Hundreds of displaced Syrian residents of Palmyra returned home Saturday to inspect their houses for the first time since the Russian-backed army captured it from the Islamic State group two weeks ago.
Ten months after fleeing their famed city the residents arrived on government-run buses from the provincial capital of Homs where they had sought shelter from jihadist rule.
"The first thing I checked in the house was the roof," Khudr Hammoud, a 68-year-old retired civil servant, told AFP, adding that he was relieved that it was still there.
"The walls, the windows and the door are also still there, and that's enough for me to get my family ready to return to Palmyra," he said.
On March 27, the Syrian army recaptured the city and its world famous antiquities, in a major symbolic and strategic coup for President Bashar al-Assad's regime and its key backer Russia.
Once home to 70,000 people, Palmyra has been scarred by Syria's five-year war and retreating jihadists sowed traps around the city.
As Hammoud and the others inspected their homes and gathered personal belongings, Russian sappers could be seen clearing mines and powerful blasts could be heard in the distance.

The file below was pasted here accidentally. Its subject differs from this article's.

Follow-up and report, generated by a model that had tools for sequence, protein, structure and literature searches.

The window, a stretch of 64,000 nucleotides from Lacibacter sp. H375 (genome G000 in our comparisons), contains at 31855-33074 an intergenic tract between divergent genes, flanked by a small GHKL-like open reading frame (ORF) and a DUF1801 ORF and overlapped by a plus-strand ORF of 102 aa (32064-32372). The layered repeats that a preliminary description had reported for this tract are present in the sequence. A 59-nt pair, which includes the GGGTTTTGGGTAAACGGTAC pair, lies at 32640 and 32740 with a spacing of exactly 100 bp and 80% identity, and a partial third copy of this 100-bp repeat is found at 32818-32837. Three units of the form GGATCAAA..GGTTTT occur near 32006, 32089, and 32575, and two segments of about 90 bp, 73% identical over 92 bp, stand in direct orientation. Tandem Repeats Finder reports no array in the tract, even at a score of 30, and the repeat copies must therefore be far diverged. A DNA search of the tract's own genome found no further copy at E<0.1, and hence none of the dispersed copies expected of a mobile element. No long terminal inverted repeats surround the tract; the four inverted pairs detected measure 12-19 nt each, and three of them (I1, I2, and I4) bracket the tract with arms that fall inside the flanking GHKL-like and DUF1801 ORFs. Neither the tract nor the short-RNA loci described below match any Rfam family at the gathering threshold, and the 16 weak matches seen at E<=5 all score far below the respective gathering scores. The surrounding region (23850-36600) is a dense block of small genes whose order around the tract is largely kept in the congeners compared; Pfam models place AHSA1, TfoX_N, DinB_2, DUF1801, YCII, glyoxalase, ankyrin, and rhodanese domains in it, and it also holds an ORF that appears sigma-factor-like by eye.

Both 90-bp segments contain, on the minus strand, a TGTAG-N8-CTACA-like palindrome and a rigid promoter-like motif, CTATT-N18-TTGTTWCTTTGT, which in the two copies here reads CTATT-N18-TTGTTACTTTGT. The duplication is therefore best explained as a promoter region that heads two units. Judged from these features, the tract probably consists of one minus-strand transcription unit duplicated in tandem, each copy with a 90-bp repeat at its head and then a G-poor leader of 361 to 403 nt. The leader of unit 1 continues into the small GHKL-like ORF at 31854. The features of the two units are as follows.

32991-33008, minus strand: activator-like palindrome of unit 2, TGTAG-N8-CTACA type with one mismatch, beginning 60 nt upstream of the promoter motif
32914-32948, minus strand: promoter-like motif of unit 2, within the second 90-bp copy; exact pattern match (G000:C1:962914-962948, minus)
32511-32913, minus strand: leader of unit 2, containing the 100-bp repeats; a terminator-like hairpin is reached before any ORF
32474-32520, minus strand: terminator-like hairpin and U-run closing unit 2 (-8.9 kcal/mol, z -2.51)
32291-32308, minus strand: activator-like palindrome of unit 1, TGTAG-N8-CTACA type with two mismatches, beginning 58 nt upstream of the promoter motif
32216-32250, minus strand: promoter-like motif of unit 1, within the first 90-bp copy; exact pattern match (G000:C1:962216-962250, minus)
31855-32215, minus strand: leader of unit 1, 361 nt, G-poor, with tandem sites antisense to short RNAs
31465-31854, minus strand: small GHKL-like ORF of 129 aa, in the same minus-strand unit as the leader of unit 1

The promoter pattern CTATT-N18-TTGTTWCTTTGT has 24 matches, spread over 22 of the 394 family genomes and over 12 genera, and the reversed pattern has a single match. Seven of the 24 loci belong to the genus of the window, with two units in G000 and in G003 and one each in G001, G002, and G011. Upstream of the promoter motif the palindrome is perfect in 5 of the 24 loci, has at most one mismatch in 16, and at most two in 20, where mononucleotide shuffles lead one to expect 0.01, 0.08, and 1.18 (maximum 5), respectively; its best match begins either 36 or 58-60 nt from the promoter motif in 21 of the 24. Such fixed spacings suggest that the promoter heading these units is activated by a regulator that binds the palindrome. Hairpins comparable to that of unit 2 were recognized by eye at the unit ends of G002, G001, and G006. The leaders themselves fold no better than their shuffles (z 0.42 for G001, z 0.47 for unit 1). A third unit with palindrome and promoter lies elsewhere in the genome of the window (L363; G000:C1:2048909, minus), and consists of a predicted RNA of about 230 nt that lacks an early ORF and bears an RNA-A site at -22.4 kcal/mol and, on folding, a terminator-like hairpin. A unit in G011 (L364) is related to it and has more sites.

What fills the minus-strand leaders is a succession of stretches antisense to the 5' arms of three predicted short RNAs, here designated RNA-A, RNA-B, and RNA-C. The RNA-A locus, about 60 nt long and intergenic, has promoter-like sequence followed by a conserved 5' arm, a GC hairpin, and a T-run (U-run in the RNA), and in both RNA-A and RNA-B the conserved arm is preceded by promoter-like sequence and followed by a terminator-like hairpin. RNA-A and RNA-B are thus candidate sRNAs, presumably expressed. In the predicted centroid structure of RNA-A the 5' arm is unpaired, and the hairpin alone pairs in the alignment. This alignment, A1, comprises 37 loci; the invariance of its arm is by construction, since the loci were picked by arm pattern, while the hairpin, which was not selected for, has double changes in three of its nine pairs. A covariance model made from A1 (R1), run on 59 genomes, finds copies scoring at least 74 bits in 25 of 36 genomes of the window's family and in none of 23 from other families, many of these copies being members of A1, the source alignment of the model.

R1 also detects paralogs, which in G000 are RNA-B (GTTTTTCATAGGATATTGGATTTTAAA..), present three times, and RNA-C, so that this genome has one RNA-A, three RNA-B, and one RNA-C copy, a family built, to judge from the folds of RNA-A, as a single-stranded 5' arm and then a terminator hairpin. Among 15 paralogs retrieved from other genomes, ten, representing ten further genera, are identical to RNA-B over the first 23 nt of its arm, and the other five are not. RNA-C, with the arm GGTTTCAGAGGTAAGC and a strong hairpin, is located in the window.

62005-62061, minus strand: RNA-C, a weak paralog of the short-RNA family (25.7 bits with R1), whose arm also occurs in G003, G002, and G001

Many apartment blocks are partially collapsed while others have been totally demolished, AFP journalists said.
In Hammoud's home all the windows have been shattered, and some of the walls, although they are still standing, are riddled with bullets.
A local official told AFP that residents would not be allowed to spend the night in Palmyra until infrastructure is repaired and demining operations are completed.
"There is no water or electricity, and we are continuing to work on demining the surroundings of the city," the official said on condition of anonymity.
"We will need at least three weeks to rehabilitate the city's infrastructure to the extent that residents will be able to spend the night in their homes," he added.
Hammoud said he left his family back in Homs because he did not want them to see the damage and destruction.
But before boarding one of the 25 buses chartered by the authorities he made a dash for his son's room to pick up a toy.
"I promised Abdu that I would bring him the toys he wanted, which he had left in his room," he said.
Palmyra was a key tourist destination before the Syrian conflict erupted in March 2011 known for its celebrated ancient ruins, including colonnaded streets and 2,000-year-old temples.
But IS destroyed some of Palmyra's most striking monuments and used the ancient amphitheatre as a venue for public executions.